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The EMI Scheme and Disqualifying Events

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Enterprise Management Incentive (EMI) plans have become increasingly popular in the UK in recent years, with more and more companies choosing to make this kind of employee incentive plan a key pillar of their overall compensation strategy not only to attract and retain key employees but also to take full benefit of the tax-advantages. 

If your company has passed the qualifying conditions and your plan is up and running, you can start to enjoy the many benefits of an EMI scheme. However, now is not the time to completely sit back and relax. The EMI scheme has strict compliance rules every company must continue to follow to avoid a disqualifying event.  

If you’re completely new to EMI schemes and want to find out more, read our EMI Scheme Complete Guide. 

So, what are the EMI disqualifying events ? 

The EMI disqualifying events can be triggered either by the company’s activities or those of individual option holders. 

Disqualifying events for employees 

At the individual level, most disqualifying events will tend to revolve around the working time requirements and whether an individual leaves the company during the life of the EMI.  

If an employee who previously worked 25 hours per week for the company saw those hours reduced as an average during a given tax year, then that will have implications for the status of their EMI options. The same may apply to special leave, such as taking a sabbatical or extended unpaid sick leave.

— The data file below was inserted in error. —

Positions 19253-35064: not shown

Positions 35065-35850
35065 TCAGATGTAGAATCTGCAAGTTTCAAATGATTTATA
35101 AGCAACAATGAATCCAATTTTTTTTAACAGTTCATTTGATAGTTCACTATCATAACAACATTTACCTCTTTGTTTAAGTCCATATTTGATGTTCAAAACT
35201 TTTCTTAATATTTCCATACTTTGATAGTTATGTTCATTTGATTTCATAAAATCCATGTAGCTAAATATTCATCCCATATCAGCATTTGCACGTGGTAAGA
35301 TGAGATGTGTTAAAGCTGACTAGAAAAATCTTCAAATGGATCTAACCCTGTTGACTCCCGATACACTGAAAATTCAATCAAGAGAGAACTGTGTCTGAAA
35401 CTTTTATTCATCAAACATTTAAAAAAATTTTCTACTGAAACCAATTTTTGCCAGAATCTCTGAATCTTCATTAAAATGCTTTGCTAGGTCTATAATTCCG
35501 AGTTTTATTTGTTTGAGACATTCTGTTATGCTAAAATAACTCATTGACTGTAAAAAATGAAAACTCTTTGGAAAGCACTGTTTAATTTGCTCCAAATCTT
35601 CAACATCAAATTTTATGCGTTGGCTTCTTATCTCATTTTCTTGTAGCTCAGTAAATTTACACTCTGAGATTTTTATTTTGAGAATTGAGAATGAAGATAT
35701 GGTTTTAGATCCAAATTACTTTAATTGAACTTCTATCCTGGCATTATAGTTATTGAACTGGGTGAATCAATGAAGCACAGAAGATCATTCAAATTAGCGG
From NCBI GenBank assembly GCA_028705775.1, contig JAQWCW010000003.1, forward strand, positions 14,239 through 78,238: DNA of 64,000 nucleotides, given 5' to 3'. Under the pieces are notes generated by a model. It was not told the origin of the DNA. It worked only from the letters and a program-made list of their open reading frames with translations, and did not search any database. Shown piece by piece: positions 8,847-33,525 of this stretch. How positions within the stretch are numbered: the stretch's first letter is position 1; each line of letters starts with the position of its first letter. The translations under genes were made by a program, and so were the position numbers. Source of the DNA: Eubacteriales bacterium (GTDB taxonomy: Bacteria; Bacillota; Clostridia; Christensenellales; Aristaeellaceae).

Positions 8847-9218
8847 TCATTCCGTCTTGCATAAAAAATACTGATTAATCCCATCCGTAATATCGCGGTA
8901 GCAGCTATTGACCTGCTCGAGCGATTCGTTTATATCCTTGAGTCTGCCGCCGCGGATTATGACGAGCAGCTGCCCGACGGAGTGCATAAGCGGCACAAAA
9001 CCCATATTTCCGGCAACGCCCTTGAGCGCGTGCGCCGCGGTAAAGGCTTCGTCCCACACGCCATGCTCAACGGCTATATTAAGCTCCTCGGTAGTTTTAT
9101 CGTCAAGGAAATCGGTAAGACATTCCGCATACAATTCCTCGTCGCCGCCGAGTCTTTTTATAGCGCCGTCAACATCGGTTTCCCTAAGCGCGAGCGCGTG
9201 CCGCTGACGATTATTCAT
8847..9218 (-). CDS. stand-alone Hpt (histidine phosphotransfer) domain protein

Issues will also arise in the event of individuals who hold EMI options leaving the company that awarded them those options. With some employee share schemes, we speak in terms of “good leavers” and “bad leavers” and highlight how individuals may be treated differently depending upon which category they fall into. This tends not to apply with EMI disqualifying events. Generally, it doesn’t matter whether someone leaves a company on good terms or bad terms, through retirement or redundancy, or due to illness; under the rules associated with EMIs, they will be treated the same. Death can be a partial exception to this rule. It is still treated as a disqualifying event, but it is handled differently in terms of the tax consequences.  

What happens if an employee has a disqualifying event? 

If an employee has a disqualifying event, they have 90 days from the time of the event to exercise their EMI options. After the 90 days, they can no longer take part in the scheme.  

There are a number of things to be aware of to avoid disqualification

Disqualifying events for companies 

At the company level, the rules around trading activities can sometimes lead to a disqualifying event but depending upon the circumstances there may be leeway.  

While a clear disqualifying event will have occurred if a company moves into one of the excluded sectors after receiving approval for the scheme, there are some more trading activities-related scenarios that may be viewed in a more nuanced way by HMRC.  

For example, a company may qualify for the scheme if they plan to meet the scheme’s requirements within two years of the first grants being issued. If they don’t carry out their plans to meet the qualifying conditions within that time frame, they will be disqualified.